“Ancient Knowledge” by Laura Ortiz (Toronto, Canada)
Laura Ortiz is producing spectacular visual-textual compositions. She is already highly regarded in the asemic writing community. You can find her work at venues including Michael Jacobson’s New Post-literate and the venerable asemic.net. I am thrilled to share this selection of her work at Asemic Front and look forward to the possibility of posting more of her work in the future.
“Online Caligrafia” by Laura Ortiz
I associate Laura Ortiz with a group – such as Anneke Baeten, Lucinda Sherlock and Kerri Pullo – whom I believe are essentially defining and leading the thriving asemic movement at this time. This contention, however, is limiting. While Laura Ortiz shares commonalities with other artists that seems gender-based and grounded in shared influences, it is her individuality that – I think – makes her work so compelling.
“Untitled” by Laura Ortiz
I wanted to learn more about Laura Ortiz and her work. So I asked her to respond to some questions for Asemic Front. Laura wrote:
“I developed my love for letters from a very young age and always wanted to work in the art field. My father was in advertising. He designed and painted the big billboards that were so central to advertising but which are less common today.
“While I lived in Argentina I studied and worked as a psychologist. When i came to Canada 10 years ago, I decided to follow my heart and in 2007 embarked on a degree in graphic design.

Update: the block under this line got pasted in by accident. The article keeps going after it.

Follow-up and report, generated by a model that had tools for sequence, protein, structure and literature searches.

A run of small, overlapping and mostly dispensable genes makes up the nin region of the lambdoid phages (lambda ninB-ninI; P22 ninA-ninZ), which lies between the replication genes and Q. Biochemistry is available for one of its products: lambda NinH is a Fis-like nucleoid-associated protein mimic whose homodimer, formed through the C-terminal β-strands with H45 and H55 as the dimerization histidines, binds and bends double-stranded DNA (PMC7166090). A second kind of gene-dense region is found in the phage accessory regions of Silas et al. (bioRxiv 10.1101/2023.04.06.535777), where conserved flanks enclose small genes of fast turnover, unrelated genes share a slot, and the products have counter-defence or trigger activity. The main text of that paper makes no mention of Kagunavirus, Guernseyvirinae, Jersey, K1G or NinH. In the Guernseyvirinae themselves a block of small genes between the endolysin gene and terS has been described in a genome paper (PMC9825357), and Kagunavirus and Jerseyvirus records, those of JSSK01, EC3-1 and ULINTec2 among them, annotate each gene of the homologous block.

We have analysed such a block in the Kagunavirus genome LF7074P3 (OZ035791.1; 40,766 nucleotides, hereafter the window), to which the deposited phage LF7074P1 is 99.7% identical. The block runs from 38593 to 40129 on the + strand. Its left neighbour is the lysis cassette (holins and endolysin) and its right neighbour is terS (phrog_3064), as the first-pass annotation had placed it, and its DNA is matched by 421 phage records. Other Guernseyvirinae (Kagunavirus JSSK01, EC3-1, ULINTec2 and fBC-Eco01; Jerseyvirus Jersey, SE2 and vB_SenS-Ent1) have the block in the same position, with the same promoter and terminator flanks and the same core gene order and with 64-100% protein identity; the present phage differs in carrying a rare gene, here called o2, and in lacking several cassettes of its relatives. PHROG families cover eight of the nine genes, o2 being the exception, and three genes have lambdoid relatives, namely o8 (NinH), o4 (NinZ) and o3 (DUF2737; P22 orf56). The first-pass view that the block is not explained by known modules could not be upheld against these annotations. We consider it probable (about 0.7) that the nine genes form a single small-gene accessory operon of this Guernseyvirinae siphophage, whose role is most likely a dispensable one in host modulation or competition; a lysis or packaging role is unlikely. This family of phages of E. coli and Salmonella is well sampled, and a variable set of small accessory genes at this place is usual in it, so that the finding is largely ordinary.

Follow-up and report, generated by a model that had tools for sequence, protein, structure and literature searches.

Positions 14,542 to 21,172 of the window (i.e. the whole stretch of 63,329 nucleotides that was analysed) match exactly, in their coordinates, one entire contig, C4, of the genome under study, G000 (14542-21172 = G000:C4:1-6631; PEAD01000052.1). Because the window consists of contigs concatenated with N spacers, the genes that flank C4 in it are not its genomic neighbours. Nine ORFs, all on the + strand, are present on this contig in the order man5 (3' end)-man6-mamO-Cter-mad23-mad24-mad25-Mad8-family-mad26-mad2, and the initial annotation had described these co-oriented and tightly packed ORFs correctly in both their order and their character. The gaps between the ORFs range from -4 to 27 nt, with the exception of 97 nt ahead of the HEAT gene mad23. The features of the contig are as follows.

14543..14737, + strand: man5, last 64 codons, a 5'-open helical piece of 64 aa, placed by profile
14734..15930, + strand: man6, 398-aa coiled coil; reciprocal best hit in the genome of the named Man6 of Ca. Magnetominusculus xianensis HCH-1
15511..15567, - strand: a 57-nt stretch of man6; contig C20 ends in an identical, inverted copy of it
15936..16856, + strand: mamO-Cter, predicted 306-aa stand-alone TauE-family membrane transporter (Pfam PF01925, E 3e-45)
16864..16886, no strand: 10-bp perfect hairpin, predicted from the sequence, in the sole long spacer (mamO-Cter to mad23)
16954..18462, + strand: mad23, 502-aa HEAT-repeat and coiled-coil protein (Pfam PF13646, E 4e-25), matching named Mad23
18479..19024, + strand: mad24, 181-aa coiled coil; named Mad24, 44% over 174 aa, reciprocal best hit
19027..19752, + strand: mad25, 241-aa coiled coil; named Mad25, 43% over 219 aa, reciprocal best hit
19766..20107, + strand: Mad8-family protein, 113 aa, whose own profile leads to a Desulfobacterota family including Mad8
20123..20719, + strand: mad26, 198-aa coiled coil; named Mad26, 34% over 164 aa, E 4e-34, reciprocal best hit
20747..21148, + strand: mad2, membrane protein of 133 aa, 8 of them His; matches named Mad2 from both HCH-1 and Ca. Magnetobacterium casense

“In 2016 i discovered asemic writing on the web. I became immediately fascinated by the combination of letters, glyphs, abstract art and design. So I said to myself, ‘Why not!?’ I started exploring, practicing and learning from my fellow artists and I have never stopped since.”
“Slide Show” by Laura Ortiz
I admire Laura Ortiz’s harmonious union of text and image (with an especially brilliant use of color). So I am not surprised to find her lifelong connection to graphic design and advertising going back to her father. (Many asemic writers have studied psychology too.) Her work, however, is also deeply rooted in the practice of calligraphy. These pieces reveal some FAB calligraphy.
While calligraphy is one of her foundations, Laura Ortiz draws on virtually all the conventional sources of asemics such as collage, abstract art and digital aesthetics. (She does not seem particularly partial to found material.) Laura Ortiz brings them together seamlessly and with seemingly infinite variation.
Like much of the asemic writing with which I am most familiar – the type that has emerged in recent years from the mail art network – Laura Ortiz combines both asemics and visual poetry to make her unique compositions. (Laura is not a member of the Eternal Network. She just shares some points in common.) Some asemic purists – I used to call them the “Asemically Correct” – disparage a wedding of asemic writing and visual poetry, although it would seem this position is fading. Laura Ortiz represents a new line of asemic thought.
“Yellow” by Laura Ortiz